So, you’re ready to go kayaking, but you have a vehicle without a roof rack. What do you do? You don’t need a dedicated roof rack to transport your kayak, so take a look at our guide to find out which DIY and paid options you can use.
If you have a vehicle that doesn’t have crossbars or a roof rack system, you may think you’re out of luck when it comes to transporting your kayak to a nearby body of water. Fortunately, this isn’t the case! There are several ways to transport your favorite one-person watercraft without a functional rack. In this guide, we’re going to show you exactly how to secure your kayak to your vehicle, even if it’s a 14-foot touring kayak.
Table of Contents
What You Will Need
These systems of securing your kayak are relatively simple, but that doesn’t mean that you won’t need dedicated materials. To start, you’re definitely going to require straps for everything you read in this guide, so take a second and buy some if you don’t have them for your kayak. I’m also going to include a DIY option, a paid option, and an expensive option so that you have some choices.
I love this option because it’s very inexpensive; it just takes some ratcheting straps, some rope, and some pool noodles to protect your car. This is also a method that only takes about 20 minutes to use, and it’s also very secure, especially if you use rope to secure the kayak to any hooks or screw holes that you may have on the body of your car or truck.
That being said, this does have its drawbacks. If you ratchet the straps too hard, they can dent your kayak, and pool noodles tend to compress and lose their memory over time, so you may have to replace them down the line.
Here’s a video that outlines one way to use pool noodles as a DIY option for securing your kayak.
The first step that you’ll need to follow to secure your kayak to the roof of your vehicle is to cut the pool noodles down to size. This sizing will vary based on the size of your car’s roof, so it’s going to take some measurements. Once cut down to size, you’re going to use your first length of rope to string through the noodles. Once strung, tie them to the roof of your car in the front and back sections and secure them in the middle along the ceiling of the vehicle. You can also tie it to the handles that are on the ceiling inside of the car.
Next, place the kayak atop the noodles upside down. After this is done, use ratcheting straps to secure the kayak to the top of the vehicle. Always making sure only to tie it tight enough so that the kayak doesn’t move. If you tie it too tight, you will dent the body of the vessel. Finally, as a way to add some extra protection and keep the kayak from sliding, you can use some extra rope or string to secure the kayak to any metal loops or vacant screw holes along the front or rear of the vehicle.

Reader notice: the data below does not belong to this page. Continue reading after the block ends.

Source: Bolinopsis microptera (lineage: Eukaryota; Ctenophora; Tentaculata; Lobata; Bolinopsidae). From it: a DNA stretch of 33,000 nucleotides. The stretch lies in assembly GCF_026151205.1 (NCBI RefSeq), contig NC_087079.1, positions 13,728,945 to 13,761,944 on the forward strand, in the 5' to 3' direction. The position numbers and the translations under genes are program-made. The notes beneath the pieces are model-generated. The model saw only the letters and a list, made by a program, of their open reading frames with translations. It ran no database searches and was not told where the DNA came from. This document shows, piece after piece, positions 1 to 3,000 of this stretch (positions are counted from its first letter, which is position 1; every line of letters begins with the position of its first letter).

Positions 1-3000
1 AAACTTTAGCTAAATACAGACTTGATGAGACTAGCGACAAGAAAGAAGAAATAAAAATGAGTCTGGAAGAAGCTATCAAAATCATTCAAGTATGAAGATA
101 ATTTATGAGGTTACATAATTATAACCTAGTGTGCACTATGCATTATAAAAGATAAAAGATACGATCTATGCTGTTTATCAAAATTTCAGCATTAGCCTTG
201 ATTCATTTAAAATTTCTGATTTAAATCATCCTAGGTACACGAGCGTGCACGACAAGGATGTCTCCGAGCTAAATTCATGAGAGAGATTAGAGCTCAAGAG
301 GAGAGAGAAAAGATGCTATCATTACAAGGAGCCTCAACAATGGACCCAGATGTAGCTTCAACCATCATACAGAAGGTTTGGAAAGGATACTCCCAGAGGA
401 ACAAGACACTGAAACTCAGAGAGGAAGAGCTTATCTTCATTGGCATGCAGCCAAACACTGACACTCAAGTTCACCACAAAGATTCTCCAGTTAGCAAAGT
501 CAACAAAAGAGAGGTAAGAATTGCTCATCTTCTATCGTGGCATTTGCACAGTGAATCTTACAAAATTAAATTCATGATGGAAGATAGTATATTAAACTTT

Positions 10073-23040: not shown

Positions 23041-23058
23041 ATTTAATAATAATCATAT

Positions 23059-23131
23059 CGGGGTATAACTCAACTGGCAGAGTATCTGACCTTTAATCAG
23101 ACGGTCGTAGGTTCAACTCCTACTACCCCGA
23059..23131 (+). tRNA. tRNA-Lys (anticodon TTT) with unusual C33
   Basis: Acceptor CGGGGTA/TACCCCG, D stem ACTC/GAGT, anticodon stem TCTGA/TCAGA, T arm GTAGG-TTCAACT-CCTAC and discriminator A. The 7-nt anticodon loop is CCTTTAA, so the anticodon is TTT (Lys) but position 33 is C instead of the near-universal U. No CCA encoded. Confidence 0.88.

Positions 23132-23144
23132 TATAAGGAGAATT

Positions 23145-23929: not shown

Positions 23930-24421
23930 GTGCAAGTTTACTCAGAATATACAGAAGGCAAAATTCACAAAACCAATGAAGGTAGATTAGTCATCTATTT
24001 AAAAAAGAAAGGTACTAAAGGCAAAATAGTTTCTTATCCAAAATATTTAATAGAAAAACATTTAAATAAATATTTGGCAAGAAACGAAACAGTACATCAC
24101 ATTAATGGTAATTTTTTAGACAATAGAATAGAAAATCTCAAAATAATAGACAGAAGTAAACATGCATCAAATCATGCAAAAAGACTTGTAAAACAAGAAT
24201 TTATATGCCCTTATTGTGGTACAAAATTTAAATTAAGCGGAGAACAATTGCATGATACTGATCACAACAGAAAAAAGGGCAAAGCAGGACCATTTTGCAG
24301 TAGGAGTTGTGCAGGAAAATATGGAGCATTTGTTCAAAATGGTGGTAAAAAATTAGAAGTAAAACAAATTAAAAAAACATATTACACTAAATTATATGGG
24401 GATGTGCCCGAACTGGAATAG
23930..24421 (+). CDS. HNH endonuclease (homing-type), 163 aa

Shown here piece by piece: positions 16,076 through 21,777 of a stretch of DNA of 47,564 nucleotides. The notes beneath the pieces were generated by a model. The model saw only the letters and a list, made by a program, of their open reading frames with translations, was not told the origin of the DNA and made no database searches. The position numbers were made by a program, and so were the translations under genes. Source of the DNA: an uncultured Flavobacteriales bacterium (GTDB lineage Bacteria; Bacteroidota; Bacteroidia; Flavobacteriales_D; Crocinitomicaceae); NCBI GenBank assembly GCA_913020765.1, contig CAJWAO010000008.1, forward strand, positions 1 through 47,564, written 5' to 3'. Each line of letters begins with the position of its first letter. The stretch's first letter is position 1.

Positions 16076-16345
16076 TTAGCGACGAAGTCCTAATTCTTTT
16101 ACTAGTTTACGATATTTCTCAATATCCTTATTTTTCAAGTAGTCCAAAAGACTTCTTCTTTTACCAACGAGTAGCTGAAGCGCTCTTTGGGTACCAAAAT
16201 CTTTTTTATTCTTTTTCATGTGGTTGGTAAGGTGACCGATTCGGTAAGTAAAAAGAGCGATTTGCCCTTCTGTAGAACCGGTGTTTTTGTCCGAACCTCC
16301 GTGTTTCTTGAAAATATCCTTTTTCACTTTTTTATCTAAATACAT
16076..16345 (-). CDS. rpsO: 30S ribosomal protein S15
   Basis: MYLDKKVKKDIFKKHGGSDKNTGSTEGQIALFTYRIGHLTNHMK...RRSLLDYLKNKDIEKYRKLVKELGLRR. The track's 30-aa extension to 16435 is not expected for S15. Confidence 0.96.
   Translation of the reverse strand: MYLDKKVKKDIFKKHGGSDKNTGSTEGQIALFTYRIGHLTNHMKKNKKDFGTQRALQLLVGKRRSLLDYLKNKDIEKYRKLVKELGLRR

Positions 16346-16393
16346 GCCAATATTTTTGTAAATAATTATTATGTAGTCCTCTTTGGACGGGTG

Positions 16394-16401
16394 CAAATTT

- This method is very inexpensive.
- With a good ratcheting strap, your kayak will be very secure.
- Pool noodles lose their memory over time, so you’ll need to replace them.
These paid options won’t set you back much, and having them will protect the top of your vehicle and your kayak, and you won’t have to worry about either product losing memory. The first product, which is the HandiRack Universal Inflatable Roof Rack, requires straps for both the racking system and the kayak. Once the system is affixed to your car, you use the included HandiPump to inflate the sections that will come in contact with the kayak. Once attached, it’s effortless to use a second set of straps to secure anything to your roof – not just kayaks.
This system is straightforward to use and requires no physical racks. It’s also very convenient to remove when not in use, and it takes just the pump to restore the system. If there were a drawback, it tends to collect road debris and dirt between the HandiRack and the roof of your vehicle.
Installing the HandiRack is also a breeze. You simply strap the inflatable sections to the front and back sections of your car or truck, inflate the top portions using the HandiPump, and strap the kayak to your vehicle. The straps have fully adjustable buckles, so it’s merely a matter of tightening the kayak and the rack system so that it’s snug and secure.
- HandiRack comes with a HandiPump for quick inflation.
- These use reliable strapping systems.
- Dirt and debris easily are caught between the car and the HandiRack.
Another paid option blends the first paid option with the DIY option I selected. This is the SportRack system, which uses foam cutouts and physical rack bars to make kayak storage easy. For this, you’ll just need SportRack bars, replacement foam, and straps. The foam is expandable so that it will accommodate most kayaks. Also, the underside has a non-skid surface so that your kayak doesn’t move around in transit.
These particular SportRack foam replacements won’t fit every type of crossbar system, so it’s essential to verify that the bars will slide into the cutout area.
Like the HandiRack system, this system is very easy to install – you merely feed the bars through the foam barring system and run a strap through the center of the metal. You tie the straps around the front and rear doors of your vehicle, and you’re ready to secure the kayak.
SportRack’s straps are designed to rest against the kayak without causing abrasions that can ruin the surface of the vessel. To secure it, you merely wrap the straps around the kayak and tighten them around the metal bar sections of the SportRack.
- The foam grips the top of your vehicle, thanks to a specialized surface.
- This foam will never lose memory.
- You have to have the right metal racks, or it won’t fit correctly.
Sometimes, I tend to go kayaking with others, and when that happens, most atop-the-roof solutions won’t really work since most are only designed for a single kayak. Fortunately, this is where kayak trailers tend to stand out. While there are single kayak trailers on the market, you’ll also find that there are models for two to four kayaks, and many of these trailers have larger weight capacities, so you can use them for hauling larger items.